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The 7-Year Car Loan: Watch Your Wallet

Laura Hart says that if she had gotten a five-year loan instead of a seven-year loan, she wouldn't have let the dealer talk her into buying an extended warranty, and maybe she would have bought a less expensive car.
Courtesy of Laura Hart
Laura Hart says that if she had gotten a five-year loan instead of a seven-year loan, she wouldn't have let the dealer talk her into buying an extended warranty, and maybe she would have bought a less expensive car.

A couple of years ago, Laura Hart had been through a divorce, her car was 11 years old, and she wanted a new vehicle. "Almost, 'I earned it,' really" is how Hart says she felt at the time.

She'd been through a tough experience "while maintaining a full-time job and raising two kids and things like that, so when I got to the point where I felt comfortable to take on a car loan again, I was fairly proud and ready to do that."

Hart is a grade school principal in Clovis, Calif. And having kids, she wanted better safety features. She decided on a new Jeep Cherokee.

She spent almost exactly what Americans are spending on new cars on average these days — $37,782, according to the car-buying site Edmunds. Americans are buying bigger, pricier cars with more options. And one thing driving this trend is dealers offering car loans with seven-year terms.

A seven-year car loan means lower monthly payments than a three- or five-year loan. That sounded good to Hart. And she's not alone. A third of all new car loans now have terms longer than six years, according to the credit reporting company Experian. That's more than three times as big a share of the loan market as a decade ago.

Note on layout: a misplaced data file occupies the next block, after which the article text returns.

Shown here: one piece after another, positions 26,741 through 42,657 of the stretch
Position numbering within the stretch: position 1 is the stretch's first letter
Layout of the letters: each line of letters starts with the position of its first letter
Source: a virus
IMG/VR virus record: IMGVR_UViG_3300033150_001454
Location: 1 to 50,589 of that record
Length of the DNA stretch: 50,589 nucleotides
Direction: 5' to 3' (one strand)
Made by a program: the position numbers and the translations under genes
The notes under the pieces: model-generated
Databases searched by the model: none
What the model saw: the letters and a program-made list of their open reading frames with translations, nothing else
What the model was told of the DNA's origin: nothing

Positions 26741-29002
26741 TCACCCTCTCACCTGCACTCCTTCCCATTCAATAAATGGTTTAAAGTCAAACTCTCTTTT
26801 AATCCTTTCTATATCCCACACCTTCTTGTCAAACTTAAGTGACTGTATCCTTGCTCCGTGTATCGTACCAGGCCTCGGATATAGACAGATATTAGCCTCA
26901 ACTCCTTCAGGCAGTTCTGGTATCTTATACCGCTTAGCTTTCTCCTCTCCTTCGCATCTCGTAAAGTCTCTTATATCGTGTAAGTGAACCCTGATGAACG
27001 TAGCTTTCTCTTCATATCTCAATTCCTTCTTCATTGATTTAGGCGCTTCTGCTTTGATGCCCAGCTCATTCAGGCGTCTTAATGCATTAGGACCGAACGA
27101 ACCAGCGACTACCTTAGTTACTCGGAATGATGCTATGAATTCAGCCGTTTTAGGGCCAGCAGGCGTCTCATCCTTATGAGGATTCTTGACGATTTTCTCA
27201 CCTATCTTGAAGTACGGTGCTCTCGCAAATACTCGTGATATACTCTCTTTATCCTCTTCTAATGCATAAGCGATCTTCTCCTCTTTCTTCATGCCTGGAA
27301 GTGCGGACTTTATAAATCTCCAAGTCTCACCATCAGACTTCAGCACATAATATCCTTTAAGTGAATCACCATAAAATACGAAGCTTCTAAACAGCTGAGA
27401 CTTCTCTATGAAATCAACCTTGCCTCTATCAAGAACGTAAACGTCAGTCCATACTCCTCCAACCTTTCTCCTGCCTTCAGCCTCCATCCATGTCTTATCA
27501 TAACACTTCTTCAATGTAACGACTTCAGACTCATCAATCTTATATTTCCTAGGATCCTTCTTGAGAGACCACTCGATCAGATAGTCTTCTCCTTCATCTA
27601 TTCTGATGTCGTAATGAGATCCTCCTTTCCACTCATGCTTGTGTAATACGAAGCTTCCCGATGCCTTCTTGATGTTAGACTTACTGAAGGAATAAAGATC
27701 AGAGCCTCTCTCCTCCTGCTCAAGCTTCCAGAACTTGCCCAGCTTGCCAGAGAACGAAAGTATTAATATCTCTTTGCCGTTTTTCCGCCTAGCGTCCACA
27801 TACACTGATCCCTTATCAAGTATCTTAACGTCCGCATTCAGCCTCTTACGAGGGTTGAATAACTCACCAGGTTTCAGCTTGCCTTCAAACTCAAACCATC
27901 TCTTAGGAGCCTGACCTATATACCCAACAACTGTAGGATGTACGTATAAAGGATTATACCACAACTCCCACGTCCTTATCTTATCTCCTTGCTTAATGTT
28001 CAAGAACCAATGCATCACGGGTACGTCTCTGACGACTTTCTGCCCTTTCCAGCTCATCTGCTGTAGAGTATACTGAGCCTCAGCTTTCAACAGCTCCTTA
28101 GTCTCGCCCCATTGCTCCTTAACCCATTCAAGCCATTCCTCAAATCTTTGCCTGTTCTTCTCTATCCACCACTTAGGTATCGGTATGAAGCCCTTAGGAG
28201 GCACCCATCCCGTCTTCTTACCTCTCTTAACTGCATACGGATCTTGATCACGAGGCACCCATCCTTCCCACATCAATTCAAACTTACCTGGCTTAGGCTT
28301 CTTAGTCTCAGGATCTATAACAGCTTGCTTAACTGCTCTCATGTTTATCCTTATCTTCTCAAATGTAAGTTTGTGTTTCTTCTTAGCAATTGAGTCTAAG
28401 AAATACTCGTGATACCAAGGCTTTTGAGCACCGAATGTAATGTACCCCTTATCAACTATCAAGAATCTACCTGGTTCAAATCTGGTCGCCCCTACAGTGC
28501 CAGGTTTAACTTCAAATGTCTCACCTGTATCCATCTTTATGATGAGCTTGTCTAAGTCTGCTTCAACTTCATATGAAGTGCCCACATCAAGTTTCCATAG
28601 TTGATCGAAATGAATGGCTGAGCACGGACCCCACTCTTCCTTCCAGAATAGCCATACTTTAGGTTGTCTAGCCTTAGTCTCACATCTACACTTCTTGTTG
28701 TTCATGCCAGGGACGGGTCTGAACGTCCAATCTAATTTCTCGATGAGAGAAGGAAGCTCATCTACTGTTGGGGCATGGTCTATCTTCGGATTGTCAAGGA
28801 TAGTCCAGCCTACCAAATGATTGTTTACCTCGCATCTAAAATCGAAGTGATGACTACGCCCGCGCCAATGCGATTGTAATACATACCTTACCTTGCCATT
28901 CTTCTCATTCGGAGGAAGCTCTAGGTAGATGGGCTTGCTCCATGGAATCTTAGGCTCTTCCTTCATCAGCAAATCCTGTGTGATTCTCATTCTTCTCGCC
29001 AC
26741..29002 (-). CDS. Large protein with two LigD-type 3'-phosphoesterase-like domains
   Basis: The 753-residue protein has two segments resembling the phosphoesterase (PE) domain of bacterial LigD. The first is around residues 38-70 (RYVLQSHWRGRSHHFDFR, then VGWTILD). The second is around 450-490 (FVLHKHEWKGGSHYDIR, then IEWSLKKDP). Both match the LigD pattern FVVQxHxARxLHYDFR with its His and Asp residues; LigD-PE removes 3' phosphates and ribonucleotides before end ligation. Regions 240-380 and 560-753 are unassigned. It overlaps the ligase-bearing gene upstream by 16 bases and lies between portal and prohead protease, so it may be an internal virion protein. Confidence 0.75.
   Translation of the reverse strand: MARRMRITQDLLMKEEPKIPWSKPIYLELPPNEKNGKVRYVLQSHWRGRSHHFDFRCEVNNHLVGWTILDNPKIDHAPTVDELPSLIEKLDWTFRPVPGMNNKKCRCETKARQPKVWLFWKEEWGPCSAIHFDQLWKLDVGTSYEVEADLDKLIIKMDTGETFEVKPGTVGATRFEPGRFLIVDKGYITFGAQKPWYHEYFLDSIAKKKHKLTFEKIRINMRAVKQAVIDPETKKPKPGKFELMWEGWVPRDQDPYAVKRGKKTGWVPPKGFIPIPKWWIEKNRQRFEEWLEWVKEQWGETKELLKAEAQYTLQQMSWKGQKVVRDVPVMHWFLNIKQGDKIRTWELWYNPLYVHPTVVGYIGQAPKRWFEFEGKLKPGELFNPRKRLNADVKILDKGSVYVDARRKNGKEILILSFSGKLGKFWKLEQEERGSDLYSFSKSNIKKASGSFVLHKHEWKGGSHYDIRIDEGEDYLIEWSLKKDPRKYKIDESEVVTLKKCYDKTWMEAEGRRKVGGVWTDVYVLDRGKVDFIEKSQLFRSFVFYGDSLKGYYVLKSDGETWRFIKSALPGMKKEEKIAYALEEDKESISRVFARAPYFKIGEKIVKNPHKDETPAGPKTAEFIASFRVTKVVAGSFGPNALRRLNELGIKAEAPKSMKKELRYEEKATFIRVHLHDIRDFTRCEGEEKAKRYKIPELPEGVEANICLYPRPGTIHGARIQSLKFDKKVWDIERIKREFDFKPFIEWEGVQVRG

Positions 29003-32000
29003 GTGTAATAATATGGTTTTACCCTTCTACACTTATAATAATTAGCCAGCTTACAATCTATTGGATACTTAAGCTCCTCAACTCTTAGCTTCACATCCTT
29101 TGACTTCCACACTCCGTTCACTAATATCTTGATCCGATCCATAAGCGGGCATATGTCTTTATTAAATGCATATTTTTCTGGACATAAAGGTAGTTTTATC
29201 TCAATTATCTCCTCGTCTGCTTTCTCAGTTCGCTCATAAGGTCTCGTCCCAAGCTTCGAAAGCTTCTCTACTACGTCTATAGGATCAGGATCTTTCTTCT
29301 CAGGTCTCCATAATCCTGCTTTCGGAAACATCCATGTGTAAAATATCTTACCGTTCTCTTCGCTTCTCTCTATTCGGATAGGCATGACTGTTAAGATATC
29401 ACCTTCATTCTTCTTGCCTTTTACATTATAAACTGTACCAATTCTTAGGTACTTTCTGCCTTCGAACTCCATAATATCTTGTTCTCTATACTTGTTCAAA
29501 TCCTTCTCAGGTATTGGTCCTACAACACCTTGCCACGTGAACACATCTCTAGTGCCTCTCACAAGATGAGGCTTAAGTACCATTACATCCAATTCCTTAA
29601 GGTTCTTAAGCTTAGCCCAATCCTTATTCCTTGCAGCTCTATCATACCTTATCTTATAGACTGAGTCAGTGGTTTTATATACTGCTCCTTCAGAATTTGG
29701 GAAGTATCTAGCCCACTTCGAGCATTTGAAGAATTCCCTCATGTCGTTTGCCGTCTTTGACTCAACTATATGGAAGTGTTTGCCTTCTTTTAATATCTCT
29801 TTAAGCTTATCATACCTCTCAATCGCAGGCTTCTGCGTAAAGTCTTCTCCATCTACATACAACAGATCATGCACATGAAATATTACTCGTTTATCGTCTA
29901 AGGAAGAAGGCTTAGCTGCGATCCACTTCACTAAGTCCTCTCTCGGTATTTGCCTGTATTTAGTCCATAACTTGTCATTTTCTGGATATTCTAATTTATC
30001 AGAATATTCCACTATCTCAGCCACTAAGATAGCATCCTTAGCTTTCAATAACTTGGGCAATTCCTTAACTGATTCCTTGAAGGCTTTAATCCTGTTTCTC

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But while these loans are popular, they're probably not the best personal finance move.

"The long loan terms are a really dangerous trend," says Philip Reed, autos editor for the personal finance site NerdWallet. He has written books about car buying and worked undercover at a dealership for several months to learn more about the car-buying process when he worked at Edmunds.

"When most people go to buy a car, what they look at is the monthly payment, which is in itself a big mistake," Reed says. He says car dealers know that if they can make the payment look affordable, people will think it's a good deal.

"But it doesn't really work that way," Reed says. For one thing, with seven-year or sometimes even eight-year loans, "you're going to pay an enormous amount of money in interest," he says.

Longer-term loans usually have higher interest rates — and you're paying longer, he says. So Hart's Cherokee will likely cost her upwards of $2,000 more in interest than a five-year loan would have.

And if you want to sell your existing car — maybe you have another child and need a minivan — with a seven-year loan you are much more likely to be stuck still owing a lot more than the car is worth, Reed says. "It puts you in a very sort of vulnerable financial situation," he says.

For new-car purchases with a trade-in, about a third of people are now rolling over an average of $5,000 of debt from their old car loan into their new car loan, according to the Edmunds site. In other words, they're still paying for a car they no longer own.